Balancing big data with intuition
Headlines have swept through the nation in the past number of days condemning big data versus the age-old technique of "going with your gut" when it comes to making a major decision, with some controversial results.
According to a recent study by business-to-business research firm Gyro, 62 percent of the 720 business leaders surveyed said they would follow their intuition before basing a decision on "hard analytics" alone, and 61 percent agreed that real-world experience was a better decision measurement than big data services. Media outlets have shared this revelation as bad news for those who vend cloud infrastructures, but such couldn't be further from the truth - when it comes down to it, the two can coexist in perfect harmony if a business plays its cards right.
Big data is a measurement of real-life experience
Does this study mean the end of big data's positive relationship with big business? Christoph Becker, the CEO at Gyro, explained the results to Mashable contributor T.L. Stanley.
"Any big decision can't be made in a vacuum of analytics," he elaborated. "It's underscored by a rational structure, but emotion has to lead."
With Becker's comments in mind, it's easy to see that the takeaway of the study isn't that big data is doomed, but rather that those who use it need to adjust their mindset on how it factors into the business decision-making process. The cloud computing tool is able to provide a wide spread of data depending on what a vested statistic would be for any given business, and should be used to support or raise potential concerns with the gut feeling that an executive wants to run with.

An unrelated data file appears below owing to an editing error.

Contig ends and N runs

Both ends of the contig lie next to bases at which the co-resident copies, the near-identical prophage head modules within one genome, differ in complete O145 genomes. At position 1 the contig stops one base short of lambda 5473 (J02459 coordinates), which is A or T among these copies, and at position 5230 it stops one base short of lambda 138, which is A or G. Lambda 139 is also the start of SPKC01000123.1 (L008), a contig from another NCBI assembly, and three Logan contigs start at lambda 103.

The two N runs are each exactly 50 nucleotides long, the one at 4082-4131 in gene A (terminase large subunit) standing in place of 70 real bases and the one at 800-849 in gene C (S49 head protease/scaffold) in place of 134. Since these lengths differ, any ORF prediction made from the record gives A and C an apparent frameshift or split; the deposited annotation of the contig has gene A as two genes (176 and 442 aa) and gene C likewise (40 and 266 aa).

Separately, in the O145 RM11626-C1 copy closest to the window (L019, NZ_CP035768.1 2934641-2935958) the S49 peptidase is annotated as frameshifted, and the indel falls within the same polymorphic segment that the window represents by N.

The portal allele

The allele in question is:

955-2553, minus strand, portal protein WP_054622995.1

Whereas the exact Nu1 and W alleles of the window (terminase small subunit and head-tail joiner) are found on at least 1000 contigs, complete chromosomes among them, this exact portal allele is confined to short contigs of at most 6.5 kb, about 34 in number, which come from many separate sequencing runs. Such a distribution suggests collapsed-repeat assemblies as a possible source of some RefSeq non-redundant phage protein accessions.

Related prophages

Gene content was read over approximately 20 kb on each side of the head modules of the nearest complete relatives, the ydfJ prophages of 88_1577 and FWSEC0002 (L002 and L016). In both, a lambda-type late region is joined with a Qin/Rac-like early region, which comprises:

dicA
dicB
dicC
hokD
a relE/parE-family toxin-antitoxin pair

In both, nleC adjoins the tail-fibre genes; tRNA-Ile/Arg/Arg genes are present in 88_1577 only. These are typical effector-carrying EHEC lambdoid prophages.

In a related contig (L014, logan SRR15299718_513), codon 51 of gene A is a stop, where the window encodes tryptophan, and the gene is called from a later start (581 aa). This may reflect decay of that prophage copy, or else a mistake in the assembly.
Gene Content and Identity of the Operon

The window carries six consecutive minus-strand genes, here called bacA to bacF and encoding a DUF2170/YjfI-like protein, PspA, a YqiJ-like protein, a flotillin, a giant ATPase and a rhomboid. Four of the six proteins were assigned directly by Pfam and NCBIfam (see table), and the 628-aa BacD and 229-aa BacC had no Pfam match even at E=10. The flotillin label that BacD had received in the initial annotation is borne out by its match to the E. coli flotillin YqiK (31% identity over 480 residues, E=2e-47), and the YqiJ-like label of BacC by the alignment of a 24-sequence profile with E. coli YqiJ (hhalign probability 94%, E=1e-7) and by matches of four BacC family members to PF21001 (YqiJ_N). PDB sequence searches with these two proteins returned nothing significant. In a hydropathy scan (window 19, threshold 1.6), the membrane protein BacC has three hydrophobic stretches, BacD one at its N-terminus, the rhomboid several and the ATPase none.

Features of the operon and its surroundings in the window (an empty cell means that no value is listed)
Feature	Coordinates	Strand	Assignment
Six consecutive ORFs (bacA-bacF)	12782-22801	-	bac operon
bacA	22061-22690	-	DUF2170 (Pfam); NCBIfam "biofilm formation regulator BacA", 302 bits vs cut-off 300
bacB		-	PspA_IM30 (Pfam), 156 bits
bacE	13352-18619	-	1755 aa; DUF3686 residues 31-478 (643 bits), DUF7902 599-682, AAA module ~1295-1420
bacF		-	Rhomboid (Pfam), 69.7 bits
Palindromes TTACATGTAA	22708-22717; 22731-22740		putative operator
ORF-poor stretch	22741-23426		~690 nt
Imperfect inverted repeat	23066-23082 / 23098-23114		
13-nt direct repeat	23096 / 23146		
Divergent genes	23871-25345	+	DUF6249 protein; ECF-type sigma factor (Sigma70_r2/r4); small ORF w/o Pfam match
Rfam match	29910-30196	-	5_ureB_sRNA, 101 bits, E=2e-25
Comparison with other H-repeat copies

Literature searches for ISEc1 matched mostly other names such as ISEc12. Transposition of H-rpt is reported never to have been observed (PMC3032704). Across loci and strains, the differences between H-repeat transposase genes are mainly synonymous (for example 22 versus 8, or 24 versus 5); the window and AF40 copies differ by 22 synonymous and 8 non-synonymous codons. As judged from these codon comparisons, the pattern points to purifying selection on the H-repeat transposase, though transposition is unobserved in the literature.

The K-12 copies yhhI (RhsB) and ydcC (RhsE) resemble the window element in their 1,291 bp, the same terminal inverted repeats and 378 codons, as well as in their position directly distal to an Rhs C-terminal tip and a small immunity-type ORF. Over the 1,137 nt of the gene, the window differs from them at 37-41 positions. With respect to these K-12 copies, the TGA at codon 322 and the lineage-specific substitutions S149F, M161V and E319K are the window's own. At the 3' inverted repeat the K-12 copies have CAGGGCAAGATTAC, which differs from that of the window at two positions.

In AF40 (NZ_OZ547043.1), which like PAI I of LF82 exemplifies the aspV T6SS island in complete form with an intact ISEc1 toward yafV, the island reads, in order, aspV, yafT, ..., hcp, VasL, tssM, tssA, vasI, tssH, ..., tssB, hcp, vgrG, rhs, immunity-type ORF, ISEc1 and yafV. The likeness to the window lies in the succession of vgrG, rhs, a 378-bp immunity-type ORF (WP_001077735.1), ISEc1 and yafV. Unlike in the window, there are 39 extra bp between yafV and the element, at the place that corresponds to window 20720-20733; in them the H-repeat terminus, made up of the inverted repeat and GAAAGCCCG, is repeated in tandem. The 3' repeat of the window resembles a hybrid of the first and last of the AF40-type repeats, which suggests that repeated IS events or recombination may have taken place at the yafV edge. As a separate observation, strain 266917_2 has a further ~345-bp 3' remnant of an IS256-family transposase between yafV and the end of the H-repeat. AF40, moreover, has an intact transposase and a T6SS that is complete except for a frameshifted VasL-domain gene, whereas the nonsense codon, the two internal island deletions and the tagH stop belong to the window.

As with any other tool, the cloud server can't make a smart choice for you, but it can provide information that will show evidence about consumer trends that can make your next move clear. If one's intuition and the raw data happen to match up, all the better - if not, it's an important discussion to have.
The value to trusting your gut
While the value of intuition may be baffling to some, its often uncanny accuracy has some serious science backing it up. Though a "gut instinct" sounds like a made-up element, intuition is based in the brain. Psychotogy Today contributor Kelly Turner explained further in a recent piece, labeling two parts of the brain involved in decision-making.
"System 1 is our quick, instinctual, and often subconscious way of operating - it is controlled by our right brain and by other parts of our brain that have been around since prehistoric times, known as the "limbic" and reptilian" parts of our brain," Turner stated. "System 2 is our slower, more analytical, and conscious way of operating - it is controlled by our left brain."
Big data, while highly intelligent and informative, doesn't have the intrinsic, reactionary functions that the human brain does, and should be seen as a companion in the process of making choices.
For savvy businessmen, it's never a decision between using big data and their own experience and intuition - it's a balancing act, and the two elements can feed off of each other to make an intelligent, informed choice for a company.
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